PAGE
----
El Dorado County lies due east of Sacramento County, and it stretches many miles from exurban El Dorado Hills, a posh planned community abutting Sacramento County, though the Mother Lode and historic gold rush towns and thousands of acres of El Dorado National Forest, to Lake Tahoe. It is part of the Sacramento-Roseville Metropolitan Area, but it is relatively sparsely populated as metro counties go, at just 106 persons per square mile.
I travel to El Dorado County frequently, in part because I particularly enjoy its viticultural offerings. More on that, perhaps, in another post. Photos are of some farm scenes in El Dorado County, including my favorite farm stand, run by a Hmong family, on Pleasant Valley Road. Of course, regulations around selling vegetables are far less strict than those regarding meat and milk products. The sign proclaiming availability of eggs was taken yesterday, also on Pleasant Valley Road, which is south of Placerville (a/k/a Hangtown), the county seat. The top photo, from a farm on Bucks Bar Road, illustrates a work-around for selling directly to the consumer--selling the entire live cow! (This practice, too, may run afoul of the law, as Bee journalist Carlos Alcala reported here). El Dorado County Farm Trails signs are numerous, with many of them designating the county's dozens of wineries and hundreds (maybe thousands?) of acres of wine grapes. Read more here.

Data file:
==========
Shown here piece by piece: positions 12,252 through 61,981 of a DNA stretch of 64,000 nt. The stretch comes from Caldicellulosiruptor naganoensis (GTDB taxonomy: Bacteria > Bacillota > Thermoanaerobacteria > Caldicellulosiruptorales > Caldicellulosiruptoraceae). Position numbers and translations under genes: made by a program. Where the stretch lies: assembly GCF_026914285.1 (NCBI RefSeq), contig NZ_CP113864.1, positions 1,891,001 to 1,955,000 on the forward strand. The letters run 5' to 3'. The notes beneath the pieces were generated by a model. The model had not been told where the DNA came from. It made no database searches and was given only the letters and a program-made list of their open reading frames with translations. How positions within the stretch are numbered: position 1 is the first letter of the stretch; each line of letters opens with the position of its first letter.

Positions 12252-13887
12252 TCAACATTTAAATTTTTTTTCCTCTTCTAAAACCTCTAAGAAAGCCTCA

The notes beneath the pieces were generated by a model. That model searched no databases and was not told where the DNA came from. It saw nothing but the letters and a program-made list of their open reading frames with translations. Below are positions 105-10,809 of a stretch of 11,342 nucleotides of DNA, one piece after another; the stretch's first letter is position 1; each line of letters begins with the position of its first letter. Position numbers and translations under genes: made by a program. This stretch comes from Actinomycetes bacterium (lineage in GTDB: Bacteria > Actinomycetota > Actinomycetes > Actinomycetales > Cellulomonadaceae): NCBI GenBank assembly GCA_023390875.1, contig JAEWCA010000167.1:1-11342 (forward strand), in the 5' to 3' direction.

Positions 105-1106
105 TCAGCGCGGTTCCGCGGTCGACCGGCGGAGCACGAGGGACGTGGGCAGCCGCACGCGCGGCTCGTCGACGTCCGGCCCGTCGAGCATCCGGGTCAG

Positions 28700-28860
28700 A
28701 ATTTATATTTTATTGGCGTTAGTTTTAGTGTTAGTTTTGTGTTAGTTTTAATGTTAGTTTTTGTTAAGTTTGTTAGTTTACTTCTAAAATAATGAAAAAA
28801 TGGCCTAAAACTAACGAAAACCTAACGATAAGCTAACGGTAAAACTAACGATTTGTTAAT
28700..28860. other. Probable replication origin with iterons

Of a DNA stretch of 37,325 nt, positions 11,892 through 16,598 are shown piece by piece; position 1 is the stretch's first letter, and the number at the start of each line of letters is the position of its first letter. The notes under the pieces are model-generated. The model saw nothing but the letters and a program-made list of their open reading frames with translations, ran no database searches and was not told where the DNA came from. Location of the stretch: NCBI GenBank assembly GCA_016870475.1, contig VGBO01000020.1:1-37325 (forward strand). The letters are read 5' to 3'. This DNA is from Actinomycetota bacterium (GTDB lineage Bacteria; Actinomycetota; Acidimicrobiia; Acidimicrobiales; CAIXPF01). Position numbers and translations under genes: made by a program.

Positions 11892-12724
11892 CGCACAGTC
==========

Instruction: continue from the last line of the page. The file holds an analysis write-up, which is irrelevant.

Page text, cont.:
Cross-posted to Legal Ruralism.

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2 Comments:

Anonymous farmland investment said...